...because why not?
I "rescued" a crowntail betta yesterday, and put him into a temporary tupperware home...where for all intents and purposes, he'd probably be fine.
But I don't like having bettas in anything less than 2 gallons...my conscience nags at me. So today I set out on a DIY adventure, not only for the fish, but for myself, because I'm thinking of maybe starting up a proper freshwater tank soon.
Two things I really wanted was filtration and heat. Heat wasn't an issue since tiny heaters are commonplace nowadays. Filtration was another matter, though...especially since I wasn't going to use a square tank, and didn't want an overflow filter anyway.
Looked up some DIY designs online and found one to my liking, and modified it a bit to turn it into an undergravel filter.
Basically...that's a fountain-pump with a plastic parsley bottle shoved on top of it. Stuff a little poly-fil in the bottle, and viola, you have a power-filter.
That's all fine and good...but how to stop the pump from sucking up bits of gravel? I wracked my brain for awhile before deciding that one of my extra water-trays looked about the right size, so I cut off the edges with scissors, and poked a bunch of holes in it with the soldering iron. I'll also probably cover it with a layer of rubberized screen mesh to stop any small particles of grit from getting to the impeller.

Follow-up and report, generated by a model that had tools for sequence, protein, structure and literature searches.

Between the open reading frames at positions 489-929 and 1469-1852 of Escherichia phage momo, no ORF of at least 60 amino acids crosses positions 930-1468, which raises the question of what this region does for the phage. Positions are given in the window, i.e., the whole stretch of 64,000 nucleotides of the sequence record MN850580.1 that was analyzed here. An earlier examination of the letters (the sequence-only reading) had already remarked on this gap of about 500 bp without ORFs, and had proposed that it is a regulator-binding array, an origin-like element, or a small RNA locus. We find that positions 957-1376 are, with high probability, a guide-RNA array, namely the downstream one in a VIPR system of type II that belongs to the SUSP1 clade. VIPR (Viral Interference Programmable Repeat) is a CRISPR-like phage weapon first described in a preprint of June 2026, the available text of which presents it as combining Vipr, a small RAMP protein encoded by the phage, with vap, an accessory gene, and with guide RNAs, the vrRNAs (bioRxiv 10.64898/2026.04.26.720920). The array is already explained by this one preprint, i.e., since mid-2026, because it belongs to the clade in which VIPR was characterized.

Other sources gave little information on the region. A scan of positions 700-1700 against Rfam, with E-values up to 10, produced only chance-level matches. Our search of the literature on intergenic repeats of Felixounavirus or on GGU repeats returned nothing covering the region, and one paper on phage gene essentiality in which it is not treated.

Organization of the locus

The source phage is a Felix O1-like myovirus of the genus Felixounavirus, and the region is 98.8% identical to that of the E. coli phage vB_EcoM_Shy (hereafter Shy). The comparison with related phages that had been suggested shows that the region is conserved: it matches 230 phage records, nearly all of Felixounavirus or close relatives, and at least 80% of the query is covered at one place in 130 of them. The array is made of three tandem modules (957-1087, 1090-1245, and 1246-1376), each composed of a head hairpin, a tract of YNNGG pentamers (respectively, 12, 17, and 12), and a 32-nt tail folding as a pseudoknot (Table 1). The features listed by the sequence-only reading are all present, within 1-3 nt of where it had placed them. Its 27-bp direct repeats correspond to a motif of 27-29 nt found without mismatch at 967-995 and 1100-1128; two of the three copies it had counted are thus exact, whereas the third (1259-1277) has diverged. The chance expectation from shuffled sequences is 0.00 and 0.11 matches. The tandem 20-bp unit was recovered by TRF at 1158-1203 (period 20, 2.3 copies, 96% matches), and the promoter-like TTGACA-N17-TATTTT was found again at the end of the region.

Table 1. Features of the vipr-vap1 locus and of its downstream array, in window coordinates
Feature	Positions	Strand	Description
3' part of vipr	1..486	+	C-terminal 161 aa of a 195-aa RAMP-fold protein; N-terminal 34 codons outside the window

I'll probably put the heater underneath the tray as well, since there's plenty of room, and the water will be recirculating, in order to keep it out of sight and recover a little bit of space for the fish.
I'll also probably put a circular airstone in the center for aesthetics. Not sure that it's really needed, and I may change my mind. Other than that, the decorations will mostly be plastic, except for some sprigs of Anacharis. The tank will be sitting in an East-facing window, so I'm hoping that's enough light for the plants and fish both. I don't intend on supplementing with artificial light at the moment.